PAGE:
PS Cert:\> [system.IO.file]::WriteAllBytes(“D:\Temp\CertToExportPFXFile.PFX”, $ExportPFX)

#same mess for importing
# Define The Cert File To Import
$CertFileToImport = “D:\Temp\CertToImportPFXFile.PFX”
# Define The Password That Protects The Private Key
$PrivateKeyPassword = ‘Pa$$w0rd’
# Target The Cert That Needs To Be Imported
$CertToImport = New-Object System.Security.Cryptography.X509Certificates.X509Certificate2 $CertFileToImport,$PrivateKeyPassword
# Define The Scope And Certificate Store Within That Scope To Import The Certificate Into
# Available Cert Store Scopes are “LocalMachine” or “CurrentUser”
$CertStoreScope = “LocalMachine”
# For Available Cert Store Names See Figure 5 (Depends On Cert Store Scope)
$CertStoreName = “My”
$CertStore = New-Object System.Security.Cryptography.X509Certificates.X509Store $CertStoreName, $CertStoreScope
# Import The Targeted Certificate Into The Specified Cert Store Name Of The Specified Cert Store Scope
$CertStore.Open([System.Security.Cryptography.X509Certificates.OpenFlags]::ReadWrite)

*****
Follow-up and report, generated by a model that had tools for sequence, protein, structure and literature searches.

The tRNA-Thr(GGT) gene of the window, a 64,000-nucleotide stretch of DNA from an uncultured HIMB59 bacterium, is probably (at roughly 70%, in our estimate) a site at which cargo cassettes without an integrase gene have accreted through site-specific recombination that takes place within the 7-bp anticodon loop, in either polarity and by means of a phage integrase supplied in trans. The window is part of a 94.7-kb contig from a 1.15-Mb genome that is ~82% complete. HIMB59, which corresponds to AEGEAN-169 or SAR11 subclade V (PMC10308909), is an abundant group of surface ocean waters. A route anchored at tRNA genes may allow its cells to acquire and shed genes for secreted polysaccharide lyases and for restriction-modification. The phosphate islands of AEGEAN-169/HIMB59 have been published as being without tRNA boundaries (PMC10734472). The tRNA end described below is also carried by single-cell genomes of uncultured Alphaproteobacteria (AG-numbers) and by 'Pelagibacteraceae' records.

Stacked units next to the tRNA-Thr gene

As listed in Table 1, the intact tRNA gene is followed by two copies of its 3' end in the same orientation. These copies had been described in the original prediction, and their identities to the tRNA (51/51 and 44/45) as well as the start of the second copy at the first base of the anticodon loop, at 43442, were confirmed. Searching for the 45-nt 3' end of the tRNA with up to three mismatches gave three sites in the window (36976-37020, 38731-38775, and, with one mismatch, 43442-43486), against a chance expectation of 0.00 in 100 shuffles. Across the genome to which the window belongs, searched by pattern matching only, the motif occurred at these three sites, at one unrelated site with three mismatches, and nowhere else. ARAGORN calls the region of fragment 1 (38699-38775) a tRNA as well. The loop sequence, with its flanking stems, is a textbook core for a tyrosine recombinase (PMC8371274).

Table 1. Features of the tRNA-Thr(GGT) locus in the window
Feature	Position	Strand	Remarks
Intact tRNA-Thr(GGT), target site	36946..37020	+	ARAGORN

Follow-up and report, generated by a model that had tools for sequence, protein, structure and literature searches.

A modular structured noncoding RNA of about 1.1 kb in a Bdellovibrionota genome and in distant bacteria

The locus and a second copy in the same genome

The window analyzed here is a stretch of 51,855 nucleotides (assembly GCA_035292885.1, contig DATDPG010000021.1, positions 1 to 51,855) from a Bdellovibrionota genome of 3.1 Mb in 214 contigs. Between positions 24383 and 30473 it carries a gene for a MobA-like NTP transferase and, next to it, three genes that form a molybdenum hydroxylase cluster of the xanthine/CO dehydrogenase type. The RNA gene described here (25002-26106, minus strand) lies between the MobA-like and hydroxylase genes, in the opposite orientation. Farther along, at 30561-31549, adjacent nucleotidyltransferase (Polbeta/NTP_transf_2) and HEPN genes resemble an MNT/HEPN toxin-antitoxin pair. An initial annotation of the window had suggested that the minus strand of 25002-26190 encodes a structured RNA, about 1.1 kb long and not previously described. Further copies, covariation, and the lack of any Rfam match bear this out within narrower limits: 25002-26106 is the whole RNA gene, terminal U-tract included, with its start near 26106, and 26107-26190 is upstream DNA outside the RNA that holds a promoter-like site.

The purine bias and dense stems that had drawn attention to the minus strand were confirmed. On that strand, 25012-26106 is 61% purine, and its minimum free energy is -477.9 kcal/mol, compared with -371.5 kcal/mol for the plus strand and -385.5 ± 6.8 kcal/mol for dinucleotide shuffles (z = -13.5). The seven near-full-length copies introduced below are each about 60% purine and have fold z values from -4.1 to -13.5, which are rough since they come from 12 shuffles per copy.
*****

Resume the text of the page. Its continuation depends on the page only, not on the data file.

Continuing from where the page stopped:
$CertStore.Add($CertToImport)
$CertStore.Close()

For import/export, I’d recommend using code from here: http://poshcode.org/?lang=&q=import%2Bcertificate

 

ADFS Proxy Trust certificate on WAP doesn’t auto renew

Once upon a time, the web application proxy for ADFS proxy started throwing error.

The Remote Access Management console could not do much complaining with an error code “the operation stopped due to an unknown general error” as always really helpful message.

Looking at the logs, the WAP was also complaining about establishing its trust with the ADFS server.

Fairly enough the ADFS proxy was also complaining about the trust saying that the proxy trust certificate had expired.

Back to the WAP and surely enough it was. However from the GUI I could not find any way to recreate the trust and had to use my DuckDuckGo powers.

So I found that the wizard had to be tricked for reinitialization prior to doing anything as in http://channel9.msdn.com/Events/MEC/2014/USX305

HKLM\Software\Microsoft\ADFS\ProxyConfigurationStatus

We need to set the ProxyConfigurationStatus REG_DWORD to a value of 1 (meaning “not configured”) instead of 2 (“configured”). Once that change is made, re-open the GUI. No reboot is required.

The Remote Access Manager should now allow you to re-run the configuration wizard.

I still don’t know why it would not renew, but given that the certification of the trust goes by every 2 weeks I will seen pretty soon.